So while I would love to say that infants have an innate preference for fair distribution of resources, the evidence is just not conclusive at this stage. The most that we can say is that infants are sensitive to the proportions in which resources are distributed (at 15 months but not at 10 months). The theories of Piaget and Kohlberg that true norms of equality do not arise until a few years later may be more intact than the authors imply in their Discussion sections.

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Does gossip really make people less likeable?

Photograph by kamshots

For anyone interested in gossip, there was a little study published by Sally Farley a few days ago in the European Journal of Social Psychology (here are links to the original article and the blog post where I found it). She divided her student participants into groups, and asked each group to think about someone they knew who either talked about absent people a lot or infrequently, and who said either positive or negative things about them (the word gossip was not used directly, because of the negative connotations associated with this word). She then gave the participants questionnaires to indicate how much they liked that person, and how much social power they thought they had.

The headline finding was that people thought that those who gossip frequently are less likeable, and have less social power, than those who gossip infrequently. Actually, though, there was a bit of spin here (sorry to rant on about this sort of thing again after my last post, but it is annoying how often academics will spin some rather unexciting results into something that looks more interesting).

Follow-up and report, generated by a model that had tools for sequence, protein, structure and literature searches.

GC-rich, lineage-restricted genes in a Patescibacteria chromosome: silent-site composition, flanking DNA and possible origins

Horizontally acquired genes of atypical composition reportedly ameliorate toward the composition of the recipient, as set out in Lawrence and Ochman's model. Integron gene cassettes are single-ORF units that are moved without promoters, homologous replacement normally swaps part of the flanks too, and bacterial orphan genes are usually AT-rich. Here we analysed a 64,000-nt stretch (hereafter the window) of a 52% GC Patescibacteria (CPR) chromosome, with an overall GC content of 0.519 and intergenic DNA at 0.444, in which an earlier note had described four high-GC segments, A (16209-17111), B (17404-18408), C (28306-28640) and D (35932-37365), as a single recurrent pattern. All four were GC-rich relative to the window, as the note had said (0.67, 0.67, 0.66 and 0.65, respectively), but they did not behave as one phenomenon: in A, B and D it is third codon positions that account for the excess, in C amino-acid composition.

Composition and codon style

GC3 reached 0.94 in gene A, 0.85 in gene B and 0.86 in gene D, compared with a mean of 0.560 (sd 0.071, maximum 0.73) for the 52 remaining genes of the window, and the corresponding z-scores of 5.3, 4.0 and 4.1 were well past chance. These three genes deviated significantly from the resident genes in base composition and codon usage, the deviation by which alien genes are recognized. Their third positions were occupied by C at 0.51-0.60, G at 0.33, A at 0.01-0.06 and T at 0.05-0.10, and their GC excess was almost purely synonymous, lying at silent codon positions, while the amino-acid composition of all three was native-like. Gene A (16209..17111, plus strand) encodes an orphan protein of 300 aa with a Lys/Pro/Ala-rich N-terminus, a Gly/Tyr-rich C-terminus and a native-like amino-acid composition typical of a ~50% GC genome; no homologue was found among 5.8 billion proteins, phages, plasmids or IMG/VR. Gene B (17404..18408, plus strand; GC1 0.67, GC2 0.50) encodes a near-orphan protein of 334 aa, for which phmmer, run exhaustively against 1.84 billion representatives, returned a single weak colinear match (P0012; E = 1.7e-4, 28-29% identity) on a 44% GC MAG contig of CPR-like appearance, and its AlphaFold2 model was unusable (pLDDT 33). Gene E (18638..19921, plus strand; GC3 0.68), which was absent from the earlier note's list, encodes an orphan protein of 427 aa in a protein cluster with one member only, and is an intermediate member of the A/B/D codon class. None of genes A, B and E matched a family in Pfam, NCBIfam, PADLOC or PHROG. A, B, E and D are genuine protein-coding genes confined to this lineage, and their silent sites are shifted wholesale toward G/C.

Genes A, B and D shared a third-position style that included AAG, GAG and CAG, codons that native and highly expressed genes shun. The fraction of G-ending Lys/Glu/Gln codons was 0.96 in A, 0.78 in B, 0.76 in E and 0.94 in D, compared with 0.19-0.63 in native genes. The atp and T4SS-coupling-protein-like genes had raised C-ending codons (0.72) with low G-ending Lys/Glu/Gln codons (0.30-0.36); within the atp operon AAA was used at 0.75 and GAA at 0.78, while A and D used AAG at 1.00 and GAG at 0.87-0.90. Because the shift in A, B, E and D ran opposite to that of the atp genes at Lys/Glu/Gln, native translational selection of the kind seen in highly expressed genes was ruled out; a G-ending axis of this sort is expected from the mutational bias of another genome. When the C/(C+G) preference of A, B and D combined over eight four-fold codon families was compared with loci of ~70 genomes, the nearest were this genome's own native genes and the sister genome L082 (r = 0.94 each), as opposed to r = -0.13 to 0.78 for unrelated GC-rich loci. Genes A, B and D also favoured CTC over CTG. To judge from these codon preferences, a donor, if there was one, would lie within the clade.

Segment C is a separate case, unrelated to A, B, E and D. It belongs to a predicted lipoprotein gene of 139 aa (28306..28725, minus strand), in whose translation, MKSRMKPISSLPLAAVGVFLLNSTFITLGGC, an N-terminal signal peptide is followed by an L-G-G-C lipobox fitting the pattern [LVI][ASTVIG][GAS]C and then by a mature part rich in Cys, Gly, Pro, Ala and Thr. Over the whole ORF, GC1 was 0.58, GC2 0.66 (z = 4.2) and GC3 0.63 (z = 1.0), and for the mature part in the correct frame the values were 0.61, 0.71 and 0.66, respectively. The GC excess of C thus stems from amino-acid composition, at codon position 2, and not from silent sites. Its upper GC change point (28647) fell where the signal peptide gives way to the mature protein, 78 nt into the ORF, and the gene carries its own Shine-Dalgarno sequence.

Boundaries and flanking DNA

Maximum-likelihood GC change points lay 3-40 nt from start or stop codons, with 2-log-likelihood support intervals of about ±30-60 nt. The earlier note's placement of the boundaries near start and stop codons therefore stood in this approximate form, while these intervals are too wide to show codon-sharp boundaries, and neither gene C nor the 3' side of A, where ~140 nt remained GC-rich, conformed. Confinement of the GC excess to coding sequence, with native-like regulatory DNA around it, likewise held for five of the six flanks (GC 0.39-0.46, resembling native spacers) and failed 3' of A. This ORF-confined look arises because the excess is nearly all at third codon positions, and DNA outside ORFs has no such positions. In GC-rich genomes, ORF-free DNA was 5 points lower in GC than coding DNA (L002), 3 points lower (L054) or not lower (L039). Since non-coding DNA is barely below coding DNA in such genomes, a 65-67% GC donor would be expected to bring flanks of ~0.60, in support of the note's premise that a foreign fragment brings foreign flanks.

While it is true that an ANOVA revealed a main effect of gossip frequency, if you look at Tables 1 and 2 in the article (Table 2 is reproduced below) it is clear that this effect was driven solely by one of the four conditions – one in which the imagined acquaintance produced a high frequency of negative gossip. The high-frequency, positive gossip condition was almost identical for both power and likeability scores to the low-frequency, positive gossip condition, and even slightly (though insignificantly) higher than the low-frequency, negative gossip condition:

Gossip frequency
High Low
Gossip valence M SD M SD
Positive 48.44 8.37 48.63 8.27
Negative 37.09 10.59 46.03 10.08

Table 2 (from Farley, 2011). Mean liking ratings as a function of gossip valence and gossip frequency

The problem for Farley is that reading that “people who say nasty things behind others’ backs are disliked” is not nearly as exciting as reading that “people who gossip are disliked” – so she naturally puts the emphasis on the main effect rather than on a more fine-grained, post hoc analysis. This would be interesting because it seems to fly in the face of popular theories such as those of my former colleague Robin Dunbar (whose book, Grooming, Gossip, and the Evolution of Language (2004) is well worth a read, for those who have not yet come across it) which hold that gossip is a kind of “relational glue” that helps to hold human societies together.

To be fair, she had also hypothesised in this study that people who frequently spread positive gossip would be more liked than people who infrequently did so, so she is legitimately able to claim that this hypothesis has been refuted by her data. This prediction was based on observational studies that showed that people who occupy a strong position in social networks tend to do a lot of gossip (in line with Dunbar’s theory). The trouble is, I am not sure that her methodology is as well placed as observational methods to refute this idea. Apart from the obvious possible influence of norms against gossip in an interview scenario (which I don’t think simply not mentioning the word gossip would entirely obviate), this is mainly because she asked participants to imagine “people who spent a lot of time talking about other people when they (were) not around”. Pragmatically, this seems to indicate people who spend an abnormal amount of time talking about other people, and abnormal tendencies rarely attract positive judgements. It also perhaps indicates people who talk about people behind their backs relatively more than they talk about them to their face – hardly a quality associated with social power or liveability.